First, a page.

is appropriate to ask you to support this campaign.

Southwark News and Southwark Historical Society have drawn up a
shortlist of former and current residents and buildings nominated to
have a Blue Plaque dedicated to them. Only one will be successful following a public vote.

The shortlist includes Jack Jones, International Brigader, trade union and pensioners’ leader.

You don’t have to be a resident of Southwark to vote. Email Southwark News saying you’d like to vote for Jack Jones to get the 2013 Blue Plaque.

The email address is  Deadline is 31st October. Please circulate widely" . 

Hat tip via SERTUC.Picture of Jack in Spain (3rd from left). Jack lived in a Council flat in Denmark Hill, Southwark.

Saturday, August 17, 2013

"It would be a damn shame if we couldn't own a Canadian...".

"On her radio show, Dr. Laura said that, as an observant Orthodox Jew, homosexuality is an abomination according to Leviticus 18:22, and cannot be condoned under any circumstance. The following response is an open letter to Dr. Schlesinger, written by a US man, and posted on the Internet. It's funny, as well as quite informative:

Dear Dr. Laura:

 Thank you for doing so much to educate people regarding God's Law. I have learned a great deal from your show, and try to share that knowledge with as many people as I can. When someone tries to defend the homosexual lifestyle, for example, I simply remind them that Leviticus 18:22 clearly states it to be an abomination. End of debate. I do need some advice from you, however, regarding some other elements of God's Laws and how to follow them.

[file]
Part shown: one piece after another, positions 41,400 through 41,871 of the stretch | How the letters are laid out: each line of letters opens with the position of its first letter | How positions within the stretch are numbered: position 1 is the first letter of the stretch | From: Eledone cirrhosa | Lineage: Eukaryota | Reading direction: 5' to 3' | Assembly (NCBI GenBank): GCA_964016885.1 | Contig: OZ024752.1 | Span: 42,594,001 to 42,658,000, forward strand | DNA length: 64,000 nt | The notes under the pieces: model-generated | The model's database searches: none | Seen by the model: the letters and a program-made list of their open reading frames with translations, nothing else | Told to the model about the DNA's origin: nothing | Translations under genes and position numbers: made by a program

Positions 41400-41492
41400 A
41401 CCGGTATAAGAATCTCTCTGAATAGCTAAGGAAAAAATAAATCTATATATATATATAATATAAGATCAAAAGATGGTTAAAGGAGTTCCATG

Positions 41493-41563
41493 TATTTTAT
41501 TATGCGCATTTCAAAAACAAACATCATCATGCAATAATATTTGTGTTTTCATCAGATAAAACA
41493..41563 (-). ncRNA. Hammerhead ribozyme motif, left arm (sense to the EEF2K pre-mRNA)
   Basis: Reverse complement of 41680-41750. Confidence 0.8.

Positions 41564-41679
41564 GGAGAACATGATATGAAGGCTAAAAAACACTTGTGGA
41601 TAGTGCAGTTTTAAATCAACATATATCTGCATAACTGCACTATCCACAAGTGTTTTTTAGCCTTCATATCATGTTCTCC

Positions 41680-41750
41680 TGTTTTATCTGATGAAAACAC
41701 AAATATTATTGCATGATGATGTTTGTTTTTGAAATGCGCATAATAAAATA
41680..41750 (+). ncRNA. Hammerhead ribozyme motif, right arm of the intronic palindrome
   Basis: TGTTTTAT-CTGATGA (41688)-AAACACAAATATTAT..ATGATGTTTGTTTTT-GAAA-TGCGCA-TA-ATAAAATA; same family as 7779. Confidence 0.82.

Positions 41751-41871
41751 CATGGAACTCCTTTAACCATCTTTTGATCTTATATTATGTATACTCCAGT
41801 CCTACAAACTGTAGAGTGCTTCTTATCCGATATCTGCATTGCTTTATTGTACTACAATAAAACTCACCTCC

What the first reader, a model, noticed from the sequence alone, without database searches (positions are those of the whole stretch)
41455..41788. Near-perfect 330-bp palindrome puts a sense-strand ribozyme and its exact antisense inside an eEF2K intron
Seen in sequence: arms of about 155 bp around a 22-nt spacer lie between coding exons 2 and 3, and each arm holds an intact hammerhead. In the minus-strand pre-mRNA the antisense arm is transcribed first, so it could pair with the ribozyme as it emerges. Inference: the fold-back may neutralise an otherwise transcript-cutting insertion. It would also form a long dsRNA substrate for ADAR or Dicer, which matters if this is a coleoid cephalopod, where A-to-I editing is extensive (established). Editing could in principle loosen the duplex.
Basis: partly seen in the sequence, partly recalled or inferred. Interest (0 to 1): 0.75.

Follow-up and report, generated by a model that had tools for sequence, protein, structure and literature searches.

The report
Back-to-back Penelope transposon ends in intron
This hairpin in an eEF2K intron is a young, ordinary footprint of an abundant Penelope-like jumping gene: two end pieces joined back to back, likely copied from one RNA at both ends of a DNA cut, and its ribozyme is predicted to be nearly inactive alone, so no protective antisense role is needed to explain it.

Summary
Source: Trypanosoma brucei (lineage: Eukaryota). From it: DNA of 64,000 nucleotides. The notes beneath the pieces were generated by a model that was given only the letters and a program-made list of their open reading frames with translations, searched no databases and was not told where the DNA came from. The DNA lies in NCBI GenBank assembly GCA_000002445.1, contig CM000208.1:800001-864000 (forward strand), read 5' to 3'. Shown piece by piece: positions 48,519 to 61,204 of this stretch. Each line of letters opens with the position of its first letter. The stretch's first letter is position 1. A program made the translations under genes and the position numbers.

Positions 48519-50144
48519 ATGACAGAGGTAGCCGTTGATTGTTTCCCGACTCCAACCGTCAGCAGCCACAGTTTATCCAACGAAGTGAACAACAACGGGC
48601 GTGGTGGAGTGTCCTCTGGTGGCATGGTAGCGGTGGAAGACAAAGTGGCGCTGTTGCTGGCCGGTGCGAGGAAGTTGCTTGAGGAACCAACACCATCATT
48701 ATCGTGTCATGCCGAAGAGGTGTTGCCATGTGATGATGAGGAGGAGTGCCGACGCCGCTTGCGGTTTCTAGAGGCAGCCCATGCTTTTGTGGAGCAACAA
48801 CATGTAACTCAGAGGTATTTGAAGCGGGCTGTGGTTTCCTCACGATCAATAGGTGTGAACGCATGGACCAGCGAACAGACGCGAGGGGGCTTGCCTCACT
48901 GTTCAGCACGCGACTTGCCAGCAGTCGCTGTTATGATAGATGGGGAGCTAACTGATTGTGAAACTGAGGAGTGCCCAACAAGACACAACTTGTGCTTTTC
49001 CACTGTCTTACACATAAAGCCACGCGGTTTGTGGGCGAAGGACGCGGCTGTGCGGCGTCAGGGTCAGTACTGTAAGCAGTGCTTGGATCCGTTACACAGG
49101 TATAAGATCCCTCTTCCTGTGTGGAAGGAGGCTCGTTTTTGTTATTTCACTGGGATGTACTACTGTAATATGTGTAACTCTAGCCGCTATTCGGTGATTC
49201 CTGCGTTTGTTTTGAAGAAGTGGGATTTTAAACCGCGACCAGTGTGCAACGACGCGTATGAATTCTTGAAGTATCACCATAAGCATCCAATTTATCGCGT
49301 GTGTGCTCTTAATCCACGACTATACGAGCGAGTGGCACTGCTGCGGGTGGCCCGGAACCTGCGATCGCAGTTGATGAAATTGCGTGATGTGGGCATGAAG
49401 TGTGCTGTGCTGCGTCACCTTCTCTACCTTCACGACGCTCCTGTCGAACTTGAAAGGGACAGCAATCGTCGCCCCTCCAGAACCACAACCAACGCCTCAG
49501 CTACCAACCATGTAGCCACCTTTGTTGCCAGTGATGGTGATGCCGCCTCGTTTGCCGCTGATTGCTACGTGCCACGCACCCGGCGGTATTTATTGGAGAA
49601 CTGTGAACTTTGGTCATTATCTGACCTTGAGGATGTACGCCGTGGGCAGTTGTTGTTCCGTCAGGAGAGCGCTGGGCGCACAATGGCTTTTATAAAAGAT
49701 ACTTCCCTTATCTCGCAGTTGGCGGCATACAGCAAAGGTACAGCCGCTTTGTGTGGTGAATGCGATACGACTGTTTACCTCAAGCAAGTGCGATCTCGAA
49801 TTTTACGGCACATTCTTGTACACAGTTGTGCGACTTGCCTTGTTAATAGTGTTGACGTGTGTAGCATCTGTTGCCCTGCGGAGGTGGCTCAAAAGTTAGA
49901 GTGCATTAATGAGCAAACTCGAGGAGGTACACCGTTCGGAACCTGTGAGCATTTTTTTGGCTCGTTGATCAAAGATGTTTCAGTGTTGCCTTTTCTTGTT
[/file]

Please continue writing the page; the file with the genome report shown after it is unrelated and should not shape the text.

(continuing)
1. Leviticus 25:44 states that I may possess slaves, both male and female, provided they are purchased from neighboring nations. A friend of mine claims that this applies to Mexicans, but not Canadians. Can you clarify? Why can't I own Canadians?

2. I would like to sell my daughter into slavery, as sanctioned in Exodus 21:7. In this day and age, what do you think would be a fair price for her?

3. I know that I am allowed no contact with a woman while she is in her period of menstrual uncleanliness - Lev.15: 19-24. The problem is, how do I tell? I have tried asking, but most women take offense.